Renovating a small space takes precision, imagination and a little bit of magic. Fortunately, when it came to remodeling a modest 1970s Brickell condo, interior designer Sandra Diaz-Velasco and her husband, general contractor Jose Andres Velasco, had plenty of tricks up their sleeves. The owners wanted a super-functional home with more living space, two full bathrooms, a den and a bigger walk-in closet. “We love to travel, and we wanted a residence that would reflect our personality and everything we have found and collected through the years,” the wife says. “But most of all, we wanted comfort and to have a place we could manage from afar.”
Having that ease, solace and space would require a gut renovation. Diaz-Velasco and Velasco began by clearing out the entire apartment and accounting for every inch in the one-bedroom condo. “It was a very careful and detailed design phase,” the interior designer says. Only one side of the unit featured windows, so they also needed to find ways to bring natural light into the rest of the home. Curving walls helped solve the challenge, allowing the design team to optimize the square footage and soften spatial transitions. “The organic forms gave us excellent natural and artificial light reflection,” the general contractor says. “The entire area looks softer.” They also reclaimed space from the balcony and created a corner view in the primary bedroom, which now looks out onto the pool and Biscayne Bay.
The waterway served as inspiration for the primary bathroom, an interior space that lacks windows. The duo installed a wavy soffit to conceal the plumbing systems, wrapped the room in a blue ombre waterproof wallpaper and added linear LED lighting to mimic a skylight. “We also used mirrors to make the room feel deeper than it really is,” Velasco says. “You never get the sensation you are in the darkest part of the unit.” In the second bathroom, Diaz-Velasco used black and white to fool the eye, covering the shower area in an ebony hue. “It feels like a powder room when you see it at first, and you don’t realize there’s a huge shower right next to it,” she says.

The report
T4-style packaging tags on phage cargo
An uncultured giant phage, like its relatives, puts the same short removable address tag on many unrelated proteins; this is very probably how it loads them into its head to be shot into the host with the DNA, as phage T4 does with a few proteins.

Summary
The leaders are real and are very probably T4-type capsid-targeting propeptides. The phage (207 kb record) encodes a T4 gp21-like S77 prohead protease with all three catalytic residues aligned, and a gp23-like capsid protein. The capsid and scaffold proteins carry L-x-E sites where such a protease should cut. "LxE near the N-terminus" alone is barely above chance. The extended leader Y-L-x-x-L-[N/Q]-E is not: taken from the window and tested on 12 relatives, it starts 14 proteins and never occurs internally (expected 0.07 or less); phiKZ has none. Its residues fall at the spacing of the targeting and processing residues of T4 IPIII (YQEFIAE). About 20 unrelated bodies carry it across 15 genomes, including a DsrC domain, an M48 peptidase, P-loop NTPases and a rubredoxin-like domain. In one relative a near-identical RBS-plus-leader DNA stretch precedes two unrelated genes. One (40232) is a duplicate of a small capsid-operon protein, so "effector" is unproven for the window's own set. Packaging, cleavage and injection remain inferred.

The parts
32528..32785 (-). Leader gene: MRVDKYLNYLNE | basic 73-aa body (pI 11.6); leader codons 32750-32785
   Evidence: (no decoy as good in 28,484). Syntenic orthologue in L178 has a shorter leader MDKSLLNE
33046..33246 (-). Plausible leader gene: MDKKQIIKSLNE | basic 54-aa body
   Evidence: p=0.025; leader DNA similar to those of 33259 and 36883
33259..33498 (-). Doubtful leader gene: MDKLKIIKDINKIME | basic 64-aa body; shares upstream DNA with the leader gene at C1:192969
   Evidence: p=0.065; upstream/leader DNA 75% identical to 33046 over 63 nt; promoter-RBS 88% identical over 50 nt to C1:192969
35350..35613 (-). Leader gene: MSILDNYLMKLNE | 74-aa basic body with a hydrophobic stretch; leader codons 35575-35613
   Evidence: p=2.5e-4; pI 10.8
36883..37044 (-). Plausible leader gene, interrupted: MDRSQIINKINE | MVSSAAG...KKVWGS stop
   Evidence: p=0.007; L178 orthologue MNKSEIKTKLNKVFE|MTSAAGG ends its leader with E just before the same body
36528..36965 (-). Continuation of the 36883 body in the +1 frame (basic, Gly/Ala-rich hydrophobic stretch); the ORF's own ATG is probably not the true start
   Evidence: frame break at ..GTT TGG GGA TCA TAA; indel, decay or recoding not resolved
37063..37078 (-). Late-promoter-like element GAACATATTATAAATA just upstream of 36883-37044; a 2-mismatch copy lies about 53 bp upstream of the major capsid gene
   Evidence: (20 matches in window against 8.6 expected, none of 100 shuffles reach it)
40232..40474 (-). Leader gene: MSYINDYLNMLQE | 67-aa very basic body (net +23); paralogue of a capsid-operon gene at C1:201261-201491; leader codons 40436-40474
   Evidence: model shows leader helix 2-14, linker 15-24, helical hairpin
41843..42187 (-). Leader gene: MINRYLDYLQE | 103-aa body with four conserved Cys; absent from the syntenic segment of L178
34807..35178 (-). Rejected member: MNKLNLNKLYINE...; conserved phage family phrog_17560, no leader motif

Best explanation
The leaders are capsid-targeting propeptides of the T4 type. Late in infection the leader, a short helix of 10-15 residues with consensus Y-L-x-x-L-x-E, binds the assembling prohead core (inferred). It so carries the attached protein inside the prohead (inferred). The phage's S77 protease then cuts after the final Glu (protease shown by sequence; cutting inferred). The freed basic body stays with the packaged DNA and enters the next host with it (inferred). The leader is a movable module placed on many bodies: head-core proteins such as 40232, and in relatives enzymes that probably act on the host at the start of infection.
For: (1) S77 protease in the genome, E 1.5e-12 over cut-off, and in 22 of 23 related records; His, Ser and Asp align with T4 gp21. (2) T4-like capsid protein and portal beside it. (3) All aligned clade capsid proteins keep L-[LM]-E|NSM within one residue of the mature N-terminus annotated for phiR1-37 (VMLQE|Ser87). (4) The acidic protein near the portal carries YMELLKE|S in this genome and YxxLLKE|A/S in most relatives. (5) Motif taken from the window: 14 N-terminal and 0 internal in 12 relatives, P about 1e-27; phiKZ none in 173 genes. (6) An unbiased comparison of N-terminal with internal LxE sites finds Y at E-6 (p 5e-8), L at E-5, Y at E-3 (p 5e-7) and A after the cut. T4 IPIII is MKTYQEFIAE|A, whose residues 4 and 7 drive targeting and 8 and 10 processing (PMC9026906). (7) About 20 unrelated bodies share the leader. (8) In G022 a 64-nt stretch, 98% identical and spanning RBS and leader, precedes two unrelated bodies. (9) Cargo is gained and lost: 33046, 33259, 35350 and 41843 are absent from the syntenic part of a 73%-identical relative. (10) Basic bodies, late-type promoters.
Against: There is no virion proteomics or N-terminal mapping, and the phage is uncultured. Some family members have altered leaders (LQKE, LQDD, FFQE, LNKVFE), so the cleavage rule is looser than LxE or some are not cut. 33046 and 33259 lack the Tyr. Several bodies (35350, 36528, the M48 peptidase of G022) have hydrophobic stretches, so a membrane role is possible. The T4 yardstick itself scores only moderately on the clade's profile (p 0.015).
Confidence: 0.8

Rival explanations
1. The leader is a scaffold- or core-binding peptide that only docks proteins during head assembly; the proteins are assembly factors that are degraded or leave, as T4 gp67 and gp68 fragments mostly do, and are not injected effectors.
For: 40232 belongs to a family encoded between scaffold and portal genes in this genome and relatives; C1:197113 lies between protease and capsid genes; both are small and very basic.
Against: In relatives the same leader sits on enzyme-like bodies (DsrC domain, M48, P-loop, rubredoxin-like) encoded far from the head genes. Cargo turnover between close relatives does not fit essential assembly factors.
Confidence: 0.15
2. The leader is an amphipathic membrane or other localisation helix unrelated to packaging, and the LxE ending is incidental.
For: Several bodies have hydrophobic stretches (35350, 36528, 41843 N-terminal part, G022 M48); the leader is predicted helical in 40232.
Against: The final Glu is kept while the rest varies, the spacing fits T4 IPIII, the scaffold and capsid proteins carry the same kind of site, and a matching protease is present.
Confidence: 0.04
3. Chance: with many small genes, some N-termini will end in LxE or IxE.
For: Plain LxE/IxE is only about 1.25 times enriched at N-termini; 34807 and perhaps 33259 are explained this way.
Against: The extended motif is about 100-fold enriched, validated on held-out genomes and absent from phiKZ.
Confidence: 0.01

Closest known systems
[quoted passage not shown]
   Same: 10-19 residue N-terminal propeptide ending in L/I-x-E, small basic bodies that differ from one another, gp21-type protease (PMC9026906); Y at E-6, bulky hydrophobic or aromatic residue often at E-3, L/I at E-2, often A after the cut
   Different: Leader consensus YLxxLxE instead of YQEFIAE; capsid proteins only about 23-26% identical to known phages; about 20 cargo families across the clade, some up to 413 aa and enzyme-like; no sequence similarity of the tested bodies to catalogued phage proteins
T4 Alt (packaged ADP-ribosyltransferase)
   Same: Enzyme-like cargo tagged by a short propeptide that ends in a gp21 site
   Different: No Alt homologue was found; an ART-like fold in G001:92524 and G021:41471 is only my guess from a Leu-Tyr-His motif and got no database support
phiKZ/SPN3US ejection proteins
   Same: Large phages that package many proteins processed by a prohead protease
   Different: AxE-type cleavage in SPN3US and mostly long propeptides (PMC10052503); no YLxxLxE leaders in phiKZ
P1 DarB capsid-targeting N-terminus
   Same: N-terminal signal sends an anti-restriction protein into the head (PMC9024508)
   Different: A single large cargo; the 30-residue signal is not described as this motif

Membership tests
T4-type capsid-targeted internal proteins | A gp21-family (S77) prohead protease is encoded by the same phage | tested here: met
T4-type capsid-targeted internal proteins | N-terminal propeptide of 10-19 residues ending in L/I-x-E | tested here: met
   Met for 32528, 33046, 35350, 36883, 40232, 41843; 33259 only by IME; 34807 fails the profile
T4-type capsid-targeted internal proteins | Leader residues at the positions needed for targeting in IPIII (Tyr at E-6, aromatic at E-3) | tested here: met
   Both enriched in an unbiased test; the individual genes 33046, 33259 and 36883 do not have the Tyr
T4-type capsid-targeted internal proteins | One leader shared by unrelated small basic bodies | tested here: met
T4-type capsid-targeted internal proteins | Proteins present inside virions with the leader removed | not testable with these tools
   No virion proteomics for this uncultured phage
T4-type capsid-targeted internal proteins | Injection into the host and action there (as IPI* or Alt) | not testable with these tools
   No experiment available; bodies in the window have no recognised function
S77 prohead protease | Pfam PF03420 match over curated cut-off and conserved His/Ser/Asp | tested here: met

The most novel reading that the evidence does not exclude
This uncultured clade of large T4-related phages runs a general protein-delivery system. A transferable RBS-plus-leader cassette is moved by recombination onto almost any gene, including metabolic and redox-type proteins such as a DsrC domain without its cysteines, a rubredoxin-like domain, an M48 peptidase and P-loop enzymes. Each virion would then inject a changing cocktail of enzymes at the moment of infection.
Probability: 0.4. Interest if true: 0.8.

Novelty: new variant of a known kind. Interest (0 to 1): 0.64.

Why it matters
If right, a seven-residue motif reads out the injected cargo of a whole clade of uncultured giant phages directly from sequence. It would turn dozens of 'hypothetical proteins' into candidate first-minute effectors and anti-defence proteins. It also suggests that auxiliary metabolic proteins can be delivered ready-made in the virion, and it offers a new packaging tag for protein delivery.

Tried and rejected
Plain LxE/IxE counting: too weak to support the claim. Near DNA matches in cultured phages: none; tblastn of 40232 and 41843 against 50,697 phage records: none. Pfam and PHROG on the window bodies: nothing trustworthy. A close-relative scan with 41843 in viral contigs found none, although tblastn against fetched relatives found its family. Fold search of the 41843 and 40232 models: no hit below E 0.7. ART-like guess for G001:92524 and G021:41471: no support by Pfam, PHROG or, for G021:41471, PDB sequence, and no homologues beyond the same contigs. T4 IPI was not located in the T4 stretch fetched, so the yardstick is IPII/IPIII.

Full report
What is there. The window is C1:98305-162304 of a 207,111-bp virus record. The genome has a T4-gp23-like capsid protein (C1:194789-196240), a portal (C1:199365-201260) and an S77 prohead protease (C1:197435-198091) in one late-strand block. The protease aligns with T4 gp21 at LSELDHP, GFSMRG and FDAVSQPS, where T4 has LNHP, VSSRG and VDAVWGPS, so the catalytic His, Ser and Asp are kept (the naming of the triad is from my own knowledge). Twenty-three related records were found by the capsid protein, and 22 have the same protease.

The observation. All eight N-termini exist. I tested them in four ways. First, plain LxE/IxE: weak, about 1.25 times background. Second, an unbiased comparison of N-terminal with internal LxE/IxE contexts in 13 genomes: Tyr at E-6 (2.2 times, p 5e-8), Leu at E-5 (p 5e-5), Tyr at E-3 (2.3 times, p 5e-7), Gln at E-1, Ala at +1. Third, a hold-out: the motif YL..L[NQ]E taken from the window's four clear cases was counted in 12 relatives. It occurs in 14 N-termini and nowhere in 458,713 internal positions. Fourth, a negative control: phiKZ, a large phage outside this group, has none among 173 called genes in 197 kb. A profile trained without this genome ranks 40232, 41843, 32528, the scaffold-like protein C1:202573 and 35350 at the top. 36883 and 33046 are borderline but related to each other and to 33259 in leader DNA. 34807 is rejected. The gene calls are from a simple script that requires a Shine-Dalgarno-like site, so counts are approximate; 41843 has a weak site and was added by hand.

The pair had full creative freedom on the project, which allowed them think outside the box to give each area multipurpose elements in clever ways. Most of the kitchen is concealed behind Italian cabinetry, while other items are hidden in plain sight. For instance, the dining table is also the cooktop—and that eye- catching chandelier? It’s actually the hood. “The kitchen is the perfect combination of form and function,” Velasco observes. “The kitchen works as a kitchen—and works in a different way when everything is closed.”
Secret conveniences abound, from the combination den-laundry room tucked behind the kitchen to the hidden bar and coffee station in the primary bedroom. Bulky mechanics were replaced with state-of-the-art lighting, sound and home automation systems seamlessly integrated into the architecture. “A huge part of the work was perfectly coordinating what the eye doesn’t see,” Diaz-Velasco explains. Sustainability was as important as functionality, and the couple utilized recycled materials throughout the design, including the wood flooring and the primary bedroom’s three-dimensional wallcovering.
The interior designer complemented the architectural elements with versatile, eclectic furnishings, mixing Latin American and European styles as a nod to the owners’ jet-setting lifestyle. A 1960s Jørgen Høvelskov Harp chair functions as a sculpture and a comfortable perch, while a twisted bench can relocate from the conversation spot in the living area to extra seating at the dining table. “It was important that whatever we had was beautiful but also had a use,” Diaz-Velasco says.
Natural accents and an abundance of plants balance the sleek and sculptural features, bringing the outdoors in. Greenery is incorporated everywhere, from adorning a living wall to abutting linear LED light fixtures. Diaz-Velasco also used warm woods and soft textures throughout the unit, while touches of vivid blue in the kitchen’s cabinetry and the primary bathroom connect the bay to even the farthest corners of the apartment.
All of the innovative sleights of hand continue to delight the owners, who now have the functional, spacious home they desired. “You find surprises, and every corner you see has a lot of detail,” the wife says. “Every space has a hidden treasure.”